Storytelling presents businesses with a great content marketing opportunity.
It’s a chance to show off your business achievements, share client stories and build relationships by offering content that is interesting and useful.
And this approach is effective for presenting topics that are important, but dry, such as corporate strategies.
What does this look like?
Consider incorporating the following steps in your storytelling as part of your business communication:
1. Generate story ideas based on business-related news then add quotes, anecdotes and personal tales.
2. Create teaser-style headlines and quirky images to make your audience curious.
3. Use active verbs to describe what’s happening to draw readers into the story.
4. Anchor stories to the business strategy, so readers can see how products and services make up part of the bigger picture.
5. Use metrics to see which stories resonate the most then replicate the style or tone with new angles.
A flexible working policy
Tell the story of the triathlete mum who trains a few mornings a week and has set up a flexible work week to suit her, her family and the business team.
Inspire your readers with the possibilities.
Weave into the story the type of questions asked along the way and problems encountered. Detail the solutions to establish a flexible arrangement.
Help the reader to work through ideas and tackle likely obstacles.
If your organisation offers paid days in the community, tell the story of the team that swapped an open-place office to help a not-for-profit organisation. And who got the most out of it.
Use testimonials or specific examples – find the pregnant employee who spent a morning sorting puzzles at the local toy library and show how regular staff involvement like this helps to build connections within the community.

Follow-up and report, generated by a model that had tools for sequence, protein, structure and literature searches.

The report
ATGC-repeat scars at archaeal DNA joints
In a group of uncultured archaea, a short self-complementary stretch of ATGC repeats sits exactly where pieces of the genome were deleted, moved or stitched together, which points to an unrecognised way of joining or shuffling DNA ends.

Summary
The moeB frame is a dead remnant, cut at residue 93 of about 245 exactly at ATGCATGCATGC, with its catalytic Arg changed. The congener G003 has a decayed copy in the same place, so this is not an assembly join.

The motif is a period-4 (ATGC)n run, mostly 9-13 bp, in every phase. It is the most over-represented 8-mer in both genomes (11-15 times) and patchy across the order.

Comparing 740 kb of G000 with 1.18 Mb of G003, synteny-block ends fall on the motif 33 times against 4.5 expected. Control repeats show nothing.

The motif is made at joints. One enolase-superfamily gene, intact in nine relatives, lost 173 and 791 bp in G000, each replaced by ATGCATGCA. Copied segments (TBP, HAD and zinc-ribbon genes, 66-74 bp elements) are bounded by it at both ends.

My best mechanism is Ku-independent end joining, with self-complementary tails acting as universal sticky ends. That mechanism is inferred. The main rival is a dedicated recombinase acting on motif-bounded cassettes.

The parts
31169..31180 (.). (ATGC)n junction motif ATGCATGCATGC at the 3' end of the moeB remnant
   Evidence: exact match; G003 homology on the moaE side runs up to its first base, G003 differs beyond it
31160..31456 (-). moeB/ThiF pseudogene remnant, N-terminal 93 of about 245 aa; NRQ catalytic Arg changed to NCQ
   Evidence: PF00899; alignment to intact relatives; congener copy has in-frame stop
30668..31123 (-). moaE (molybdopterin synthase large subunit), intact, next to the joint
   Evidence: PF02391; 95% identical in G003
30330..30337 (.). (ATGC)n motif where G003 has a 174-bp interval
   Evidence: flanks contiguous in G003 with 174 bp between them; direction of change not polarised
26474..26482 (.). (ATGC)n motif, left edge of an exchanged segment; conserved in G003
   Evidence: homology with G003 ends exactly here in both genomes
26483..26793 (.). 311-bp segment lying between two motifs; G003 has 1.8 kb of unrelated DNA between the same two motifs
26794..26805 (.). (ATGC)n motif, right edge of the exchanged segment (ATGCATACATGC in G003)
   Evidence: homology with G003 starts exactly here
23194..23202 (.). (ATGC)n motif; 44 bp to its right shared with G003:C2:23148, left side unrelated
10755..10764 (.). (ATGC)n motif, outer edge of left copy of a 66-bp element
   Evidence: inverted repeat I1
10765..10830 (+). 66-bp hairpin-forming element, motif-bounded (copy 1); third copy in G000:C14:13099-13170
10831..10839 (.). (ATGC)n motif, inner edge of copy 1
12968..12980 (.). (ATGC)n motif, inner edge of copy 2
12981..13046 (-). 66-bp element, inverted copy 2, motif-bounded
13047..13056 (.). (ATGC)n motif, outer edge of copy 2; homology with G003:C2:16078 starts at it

On its own, the terms and conditions of a corporate volunteering program are important but may not generate action.
Storytelling techniques are a more powerful way to inspire staff to participate or small businesses to ask for more info or register.
Showcase what your business is capable of doing for clients, and make a business leader or client the focus of the story.
Place the reader in the client’s shoes.
If you are able to interview the client, share their viewpoint.
Next, detail the problem by outlining the starting scenario then discuss the solution.
Use stories to offer a solution to your audience’s problem as they may not be able to connect the dots without a real-life example.
What will your readers resonate with?
Feature interesting or unique opportunities your business is involved with.
Use storytelling techniques to highlight how these opportunities are interesting AND valuable to your staff or clients.
Align these with your strategic goals. And save the listicles for another time.
Hunt around for story examples and learn from them.
For example, cookbooks (that tell the history of favourite recipes); authors promoting new book releases (who often share the ideas behind a novel); and TED talks or podcasts that use stories to introduce an idea (that become apparent as the story develops).